Today we’d like to introduce you to Lily Cozzens.
Lily, please kick things off for us by telling us about yourself and your journey so far.
I’ve been an artist since I could hold a crayon, although I haven’t always thought that way. I was lucky enough to grow up with parents who supported my artistic side, but for a long time that backfired. As a teenager I was very cynical of art and was seriously considering pursuing another subject in college, but by the time I graduated high school I was burnt out on academics and decided that art was, and really had always been, the only real option for me.
Can you give our readers some background on your art?
I primarily do a whole lot of drawing! My favorite and most used medium is ballpoint pen – it lends itself to my style well, in addition to being inexpensive and easily portable. I make large and small scale drawings, as well as printmaking. I design and screen-print gig posters for touring and local bands.
In terms of my more “fine art” practice, I pursue realism as a valid practice. Realism gets a bad name, especially in modern and contemporary art, as being dull and antiquated. However, I feel that being able to accurately and realistically capture something – a person, an object, a moment – lends itself to a permanence beyond what is being captured. A realistically drawn image has an air of magic that something like a camera, which is often touted as the ultimate tool of realism, could never quite live up to.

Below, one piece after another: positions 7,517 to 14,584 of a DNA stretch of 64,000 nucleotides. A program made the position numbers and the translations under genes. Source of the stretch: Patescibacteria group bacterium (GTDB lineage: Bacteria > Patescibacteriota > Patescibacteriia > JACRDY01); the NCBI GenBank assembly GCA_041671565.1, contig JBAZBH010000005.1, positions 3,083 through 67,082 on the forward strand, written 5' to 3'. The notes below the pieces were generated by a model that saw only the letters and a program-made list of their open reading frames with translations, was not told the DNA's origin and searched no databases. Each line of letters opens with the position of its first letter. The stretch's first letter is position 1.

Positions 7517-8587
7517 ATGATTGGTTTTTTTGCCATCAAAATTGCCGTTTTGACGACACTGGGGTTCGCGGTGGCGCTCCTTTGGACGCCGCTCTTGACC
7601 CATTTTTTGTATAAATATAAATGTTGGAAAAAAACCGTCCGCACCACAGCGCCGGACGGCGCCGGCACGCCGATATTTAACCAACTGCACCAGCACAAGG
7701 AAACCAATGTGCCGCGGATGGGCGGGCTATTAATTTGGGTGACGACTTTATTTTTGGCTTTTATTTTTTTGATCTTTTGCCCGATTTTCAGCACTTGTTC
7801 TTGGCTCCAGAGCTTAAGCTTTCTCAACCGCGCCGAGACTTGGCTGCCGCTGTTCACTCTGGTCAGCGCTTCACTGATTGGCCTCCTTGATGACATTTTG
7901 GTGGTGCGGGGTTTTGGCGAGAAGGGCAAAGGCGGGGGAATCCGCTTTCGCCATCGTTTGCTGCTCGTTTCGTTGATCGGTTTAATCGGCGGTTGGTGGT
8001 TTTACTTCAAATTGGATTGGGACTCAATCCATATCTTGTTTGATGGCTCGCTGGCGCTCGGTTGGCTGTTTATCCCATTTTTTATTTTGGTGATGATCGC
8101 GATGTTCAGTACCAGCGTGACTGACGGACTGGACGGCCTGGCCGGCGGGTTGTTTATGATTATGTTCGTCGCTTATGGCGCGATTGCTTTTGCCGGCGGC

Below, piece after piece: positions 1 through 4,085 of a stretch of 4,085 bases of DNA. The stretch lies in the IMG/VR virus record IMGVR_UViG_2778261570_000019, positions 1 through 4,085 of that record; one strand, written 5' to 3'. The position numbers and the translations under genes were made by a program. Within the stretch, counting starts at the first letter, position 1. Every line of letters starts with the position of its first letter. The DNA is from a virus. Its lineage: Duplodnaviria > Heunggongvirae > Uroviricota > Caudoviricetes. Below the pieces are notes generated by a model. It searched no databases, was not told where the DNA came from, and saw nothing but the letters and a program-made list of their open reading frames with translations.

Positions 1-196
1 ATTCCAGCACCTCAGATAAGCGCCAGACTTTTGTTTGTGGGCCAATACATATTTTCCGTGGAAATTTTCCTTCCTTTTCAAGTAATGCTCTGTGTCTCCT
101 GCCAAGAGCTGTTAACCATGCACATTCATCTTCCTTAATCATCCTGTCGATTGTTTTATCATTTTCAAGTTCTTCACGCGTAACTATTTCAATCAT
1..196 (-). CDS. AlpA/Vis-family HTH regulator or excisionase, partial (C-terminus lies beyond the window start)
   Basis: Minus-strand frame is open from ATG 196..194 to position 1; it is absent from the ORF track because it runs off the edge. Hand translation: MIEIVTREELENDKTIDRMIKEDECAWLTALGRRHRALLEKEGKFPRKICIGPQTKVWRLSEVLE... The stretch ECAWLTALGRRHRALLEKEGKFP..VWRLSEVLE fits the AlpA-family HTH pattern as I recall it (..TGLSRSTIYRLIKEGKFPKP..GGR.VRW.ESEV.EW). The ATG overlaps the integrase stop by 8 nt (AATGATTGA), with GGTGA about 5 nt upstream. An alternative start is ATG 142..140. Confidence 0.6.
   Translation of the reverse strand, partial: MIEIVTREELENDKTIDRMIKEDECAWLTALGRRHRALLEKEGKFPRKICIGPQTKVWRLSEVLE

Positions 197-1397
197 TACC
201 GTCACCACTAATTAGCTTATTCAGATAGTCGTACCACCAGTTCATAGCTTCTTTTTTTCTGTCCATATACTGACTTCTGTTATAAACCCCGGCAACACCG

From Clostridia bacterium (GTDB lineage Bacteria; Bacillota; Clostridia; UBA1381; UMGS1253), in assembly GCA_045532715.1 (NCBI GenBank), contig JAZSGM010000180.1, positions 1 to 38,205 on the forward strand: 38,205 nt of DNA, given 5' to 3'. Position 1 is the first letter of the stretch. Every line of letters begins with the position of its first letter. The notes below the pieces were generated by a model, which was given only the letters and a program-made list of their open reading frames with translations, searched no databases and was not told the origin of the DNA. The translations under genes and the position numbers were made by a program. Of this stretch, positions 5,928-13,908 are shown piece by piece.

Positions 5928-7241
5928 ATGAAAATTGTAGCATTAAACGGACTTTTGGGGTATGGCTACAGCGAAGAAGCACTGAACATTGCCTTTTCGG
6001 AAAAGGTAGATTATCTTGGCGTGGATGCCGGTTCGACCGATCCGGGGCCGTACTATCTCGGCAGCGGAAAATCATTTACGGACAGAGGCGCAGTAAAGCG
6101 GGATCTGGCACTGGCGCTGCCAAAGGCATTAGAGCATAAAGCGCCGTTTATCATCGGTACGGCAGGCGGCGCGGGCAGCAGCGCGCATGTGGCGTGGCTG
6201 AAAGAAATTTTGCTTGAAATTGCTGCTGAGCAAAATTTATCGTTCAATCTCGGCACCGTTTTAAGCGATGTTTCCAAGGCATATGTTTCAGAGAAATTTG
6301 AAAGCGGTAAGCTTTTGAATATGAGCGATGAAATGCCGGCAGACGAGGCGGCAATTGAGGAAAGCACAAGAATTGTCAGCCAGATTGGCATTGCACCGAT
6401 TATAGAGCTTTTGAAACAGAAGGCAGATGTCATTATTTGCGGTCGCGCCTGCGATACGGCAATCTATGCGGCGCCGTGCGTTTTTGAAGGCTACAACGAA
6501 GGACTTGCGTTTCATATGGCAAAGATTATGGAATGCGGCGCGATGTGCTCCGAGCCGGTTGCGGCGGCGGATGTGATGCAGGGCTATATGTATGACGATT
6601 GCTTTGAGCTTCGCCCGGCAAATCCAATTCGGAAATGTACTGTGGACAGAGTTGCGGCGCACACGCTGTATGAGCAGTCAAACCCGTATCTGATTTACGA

Any advice for aspiring or new artists?
The best advice I can think of is learning to really incorporate small and meaningful changes into your life and practice – Get places on time. Make eye contact with people. Learn to give and receive meaningful feedback. Try to avoid burning bridges whenever you can help it. Keep experimenting until you find something that really works for you, and then get as good as possible at that thing. Pursue things that you think are beyond you, but also don’t be afraid to take time to revive yourself.
In terms of what I wish I had learned earlier, I can think of one main thing – cynicism is a complete and utter waste of time and energy. Being overly critical of anything and everything, and believing that being negative is a personality trait, gets you absolutely nowhere. People don’t respond well to it long-term. You might get a laugh with a self-deprecating joke, but if you aren’t willing to take pride in your own work, you can’t expect other people to.
What’s the best way for someone to check out your work and provide support?
I’ve been in a few exhibitions in galleries around the city as well as smaller DIY spaces, but the easiest way to view my work is on my website or social media. People can currently purchase my work or commission me through my website. Some of my work is available for purchase at ShopColumbia (619 S Wabash) as well.
- Website: lilycozzens.com
- Email: firstname.lastname@example.org
- Instagram: https://www.instagram.com/lilycozz/?hl=en